Liverpool's weakest performances this season have been against Watford (a 3-0 defeat), Newcastle United (a 2-0 defeat), Crystal Palace (a 2-1 defeat) and West Ham home and away (3-0 and 2-0 defeats respectively). Perhaps it's no coincidence Lucas started every one of those games.

Indeed, looking at Liverpool's results with and without Lucas this season reveals an incredible statistic: Liverpool have never lost when Lucas doesn't start (20 games) but have lost 10 games when Lucas has started (22 games).

While the 29-year-old's function as a holding midfielder is primarily defensive, unfortunately he offers very little going forward.

In 122 total appearances over the last four seasons, he has no goals and just a solitary assist. He has amassed an incredible 31 yellow cards in that time, though.

Referee Andre Marriner (L) shows a yellow card to Liverpool's Brazilian midfielder Lucas Leiva (R) for a challenge on Newcastle United's Dutch midfielder Siem de Jong (Not Pictured) during the English Premier League football match between Newcastle United
OLI SCARFF/Getty Images

Liverpool have too many non-goalscoring midfielders, and Lucas is certainly one of them. Of course, he isn't to blame for Liverpool's poor attacking output, but you should expect a midfield player playing as regular as he does to be adding one or two goals and assists per season.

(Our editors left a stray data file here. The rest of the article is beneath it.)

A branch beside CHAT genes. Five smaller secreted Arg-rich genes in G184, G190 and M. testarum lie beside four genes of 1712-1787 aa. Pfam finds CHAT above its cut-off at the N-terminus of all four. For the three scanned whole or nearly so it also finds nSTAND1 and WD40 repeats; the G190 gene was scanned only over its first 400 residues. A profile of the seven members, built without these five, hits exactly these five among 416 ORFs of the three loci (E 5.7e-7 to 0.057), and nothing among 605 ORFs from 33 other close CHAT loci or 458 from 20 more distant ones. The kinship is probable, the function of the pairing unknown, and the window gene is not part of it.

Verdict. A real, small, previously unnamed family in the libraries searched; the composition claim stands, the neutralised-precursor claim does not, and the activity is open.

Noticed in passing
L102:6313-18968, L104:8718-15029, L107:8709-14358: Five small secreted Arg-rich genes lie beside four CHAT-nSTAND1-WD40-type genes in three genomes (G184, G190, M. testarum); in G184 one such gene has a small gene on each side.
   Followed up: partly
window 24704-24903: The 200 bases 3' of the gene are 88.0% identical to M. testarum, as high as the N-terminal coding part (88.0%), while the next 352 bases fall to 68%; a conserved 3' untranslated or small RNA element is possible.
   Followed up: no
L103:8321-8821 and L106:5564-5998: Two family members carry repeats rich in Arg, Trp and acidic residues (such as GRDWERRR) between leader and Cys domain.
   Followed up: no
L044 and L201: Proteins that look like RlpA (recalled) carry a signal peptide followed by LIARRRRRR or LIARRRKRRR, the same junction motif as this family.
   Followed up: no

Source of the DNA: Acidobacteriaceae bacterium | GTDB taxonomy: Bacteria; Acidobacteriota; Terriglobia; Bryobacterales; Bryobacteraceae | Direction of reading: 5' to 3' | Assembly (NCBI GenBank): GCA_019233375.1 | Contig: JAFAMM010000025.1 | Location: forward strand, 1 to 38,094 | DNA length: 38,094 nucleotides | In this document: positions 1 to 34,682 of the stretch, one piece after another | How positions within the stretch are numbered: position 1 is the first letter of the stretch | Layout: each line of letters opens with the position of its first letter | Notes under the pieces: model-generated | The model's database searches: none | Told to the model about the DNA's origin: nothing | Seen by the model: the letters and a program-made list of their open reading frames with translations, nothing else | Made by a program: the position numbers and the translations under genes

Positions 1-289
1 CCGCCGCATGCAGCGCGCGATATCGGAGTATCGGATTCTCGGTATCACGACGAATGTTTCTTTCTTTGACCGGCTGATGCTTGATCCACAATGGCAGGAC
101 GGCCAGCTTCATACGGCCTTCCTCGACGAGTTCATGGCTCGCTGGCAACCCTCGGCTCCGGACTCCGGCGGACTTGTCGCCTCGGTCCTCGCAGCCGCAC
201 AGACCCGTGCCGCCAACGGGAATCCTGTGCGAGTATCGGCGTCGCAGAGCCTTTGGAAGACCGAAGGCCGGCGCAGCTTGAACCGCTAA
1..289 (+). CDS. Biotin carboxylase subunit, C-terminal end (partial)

Goals from all areas of the team is what's required to get to the top. You simply cannot have players who don't contribute either defensively or in attack. Every player must contribute in both directions.


Lucas turns 30 next year, and his contact expires the year after. This summer represents the last opportunity for Liverpool to get good money for the player signed from Gremio in 2007.

Liverpool's German manager Jurgen Klopp (R) looks on as Liverpool's Brazilian midfielder Lucas Leiva warms up ahead of the English Premier League football match between Watford and Liverpool at Vicarage Road Stadium in Watford, north of London on December

With the player likely to be among Liverpool's highest earners, there is no value in keeping him if he's not first choice.

Liverpool aren't exactly short of midfielders—Can, Henderson, James Milner, Philippe Coutinho and Adam Lallana are complemented by youngsters Kevin Stewart, Jordan Rossiter, Cameron Brannagan and Pedro Chirivella. And Grujic from this summer.

Of course, not all those can playing in holding midfield, but should Klopp sign another midfielder—which you would assume and hope will happen—it's very difficult to see how Lucas fits in.

When Liverpool are being linked with midfielders such as Granit Xhaka, per Sky Germany (h/t the Liverpool Echo), it's even less likely that Lucas has a future at the club.

A midfield trio of Xhaka, Can and Henderson has it all—all three can contribute defensively and going forward. Xhaka would add a grit and steel that Liverpool miss. A Javier Mascherano-like player.

Lucas and Martin Skrtel are Liverpool's two longest-serving players, but neither has the quality required for Klopp's side going forward. Both are past their best. They're high earners who do not represent their wages, players who perhaps typify Liverpool's drop from Europe's elite when they arrived to mid-table mediocrity.

Lucas may be likeable and he may be fine servant, but that matters little in football and doesn't win you trophies. Therefore, his future lies away from Anfield.

All stats via Transfermarkt.